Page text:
Kelvinwright's Blog

postmodern thoughts

Generation Y and the changing way we work

I recently interviewed a candidate born in 1990, and began thinking. To this person the Cold War meant as much as the Vietnam War did to me – I know it happened, because I’ve read history books and watched countless movies. I never actually lived it though. My candidate may have understood the importance of the fall of the Berlin Wall, or the concept of an East and a West Germany, may have even read a John Le Carre novel, but she never lived them.

I read a report this week that Generation Y, those born between 1979 and 1997, will be the dominant age group in the workforce in ten year’s time. As the baby boomers , those born between 1946 and 1964, leave the workforce, so we will have to rethink our workspace, our office design, and our recruiting and retention strategies. We are facing an important generation shift, according to a 2010 report (see link below for credit and full article on

According to the article Generation Y rates high the importance of having an “engaging workplace” and low the “quality of meeting rooms”. Baby Boomers on the other hand, stated the exact opposite. Whereas Gen Y likes quick and casual meetings, so the Baby Boomers liked structured, face-to-face meetings, because that’s how they usually got things done.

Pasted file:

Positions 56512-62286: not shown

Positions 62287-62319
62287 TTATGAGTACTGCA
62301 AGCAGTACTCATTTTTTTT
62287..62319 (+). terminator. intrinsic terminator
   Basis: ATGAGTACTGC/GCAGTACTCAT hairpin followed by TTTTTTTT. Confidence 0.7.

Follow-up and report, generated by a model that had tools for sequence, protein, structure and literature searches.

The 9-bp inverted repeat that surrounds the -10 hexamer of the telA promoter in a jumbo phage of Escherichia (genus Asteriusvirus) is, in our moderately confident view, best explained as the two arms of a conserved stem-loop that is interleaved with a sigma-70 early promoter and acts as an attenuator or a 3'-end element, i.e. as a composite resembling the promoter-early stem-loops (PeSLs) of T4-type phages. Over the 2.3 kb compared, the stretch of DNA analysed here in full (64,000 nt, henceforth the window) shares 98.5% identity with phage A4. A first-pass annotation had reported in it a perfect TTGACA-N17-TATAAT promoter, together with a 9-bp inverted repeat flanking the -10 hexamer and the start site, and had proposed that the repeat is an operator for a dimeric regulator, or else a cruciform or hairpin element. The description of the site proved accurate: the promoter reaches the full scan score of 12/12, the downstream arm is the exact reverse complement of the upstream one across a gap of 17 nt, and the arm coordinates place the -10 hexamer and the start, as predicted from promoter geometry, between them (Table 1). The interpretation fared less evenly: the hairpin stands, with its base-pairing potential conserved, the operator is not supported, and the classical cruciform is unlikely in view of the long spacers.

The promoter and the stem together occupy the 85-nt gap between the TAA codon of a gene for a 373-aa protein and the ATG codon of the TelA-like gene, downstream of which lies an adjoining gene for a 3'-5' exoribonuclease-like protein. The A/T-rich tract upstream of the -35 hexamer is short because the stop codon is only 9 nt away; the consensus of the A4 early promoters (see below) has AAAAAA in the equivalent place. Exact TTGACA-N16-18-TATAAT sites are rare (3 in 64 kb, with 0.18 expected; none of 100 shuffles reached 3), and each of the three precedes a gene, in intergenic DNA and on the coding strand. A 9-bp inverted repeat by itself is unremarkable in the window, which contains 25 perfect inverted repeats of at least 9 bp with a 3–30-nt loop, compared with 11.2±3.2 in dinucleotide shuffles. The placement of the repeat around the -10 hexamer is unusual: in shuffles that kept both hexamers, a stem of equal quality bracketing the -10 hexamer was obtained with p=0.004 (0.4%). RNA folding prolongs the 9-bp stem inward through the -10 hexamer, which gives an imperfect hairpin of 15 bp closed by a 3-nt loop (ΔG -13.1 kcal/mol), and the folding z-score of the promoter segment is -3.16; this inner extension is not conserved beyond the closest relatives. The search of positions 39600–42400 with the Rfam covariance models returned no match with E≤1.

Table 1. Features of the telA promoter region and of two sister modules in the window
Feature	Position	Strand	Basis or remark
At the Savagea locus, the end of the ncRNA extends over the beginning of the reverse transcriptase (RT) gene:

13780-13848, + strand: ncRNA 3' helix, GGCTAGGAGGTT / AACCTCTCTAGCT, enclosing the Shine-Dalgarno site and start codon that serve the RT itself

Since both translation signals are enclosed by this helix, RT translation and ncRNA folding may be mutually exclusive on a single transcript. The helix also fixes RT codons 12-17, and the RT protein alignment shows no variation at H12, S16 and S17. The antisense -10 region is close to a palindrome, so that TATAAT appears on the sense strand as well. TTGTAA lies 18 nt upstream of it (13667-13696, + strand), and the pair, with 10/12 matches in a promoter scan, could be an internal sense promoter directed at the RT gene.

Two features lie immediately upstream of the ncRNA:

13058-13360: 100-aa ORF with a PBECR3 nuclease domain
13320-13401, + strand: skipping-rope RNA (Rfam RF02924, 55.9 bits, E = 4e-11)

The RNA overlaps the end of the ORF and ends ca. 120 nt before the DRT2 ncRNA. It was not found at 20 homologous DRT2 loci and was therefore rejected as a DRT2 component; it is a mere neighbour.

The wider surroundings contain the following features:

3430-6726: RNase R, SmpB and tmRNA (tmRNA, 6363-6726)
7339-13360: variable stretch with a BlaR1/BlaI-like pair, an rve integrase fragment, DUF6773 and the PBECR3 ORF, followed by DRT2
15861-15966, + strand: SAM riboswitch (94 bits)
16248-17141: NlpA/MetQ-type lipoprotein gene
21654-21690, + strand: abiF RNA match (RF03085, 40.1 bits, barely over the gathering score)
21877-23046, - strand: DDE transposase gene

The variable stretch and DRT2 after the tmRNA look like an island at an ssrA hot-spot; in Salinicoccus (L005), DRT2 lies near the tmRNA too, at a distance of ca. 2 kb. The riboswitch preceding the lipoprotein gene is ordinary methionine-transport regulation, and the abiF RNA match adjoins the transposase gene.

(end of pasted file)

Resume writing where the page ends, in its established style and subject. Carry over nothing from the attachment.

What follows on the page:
To baby boomers the office location, size and décor was a status marker. In contrast to Gen Y, a status symbol is more likely to be the latest gadget. As somebody involved in helping to set HR strategy, it’s more important than work life balance; it’s more about a blended work-life approach, about learning and development opportunities, involvement in interesting projects, and an engaging and connected work environment.

Work is becoming an activity for Gen Y, and not the place that it was perceived by the Baby Boomers. There is a shift from the Baby Boomer’s idea of the fixed, elegant office to the functional office of Gen X and now the Gen Y trend where employees are encouraged to move around, and change work space according to their tasks; Gen Y is seeking collaboration and innovation.

So where does that leave those of us that were born in between, the so called Generation X? (those born between 1965 and 1978). Whereas the Baby Boomers had jobs for life, Gen X grew up with financial and work insecurity. Gen Y on the other hand not only does not seek job security, they accept a pact with companies, “You can remove me whenever you like. And I can look for a new job whenever I like.” Gen X fought for job security, until experience told them it didn’t exist. Gen Y doesn’t even look for it.


September 8, 2012 - Posted by | Uncategorized | , ,

No comments yet.

Leave a Reply

Fill in your details below or click an icon to log in: Logo

You are commenting using your account. Log Out /  Change )

Google+ photo

You are commenting using your Google+ account. Log Out /  Change )

Twitter picture

You are commenting using your Twitter account. Log Out /  Change )

Facebook photo

You are commenting using your Facebook account. Log Out /  Change )


Connecting to %s

%d bloggers like this: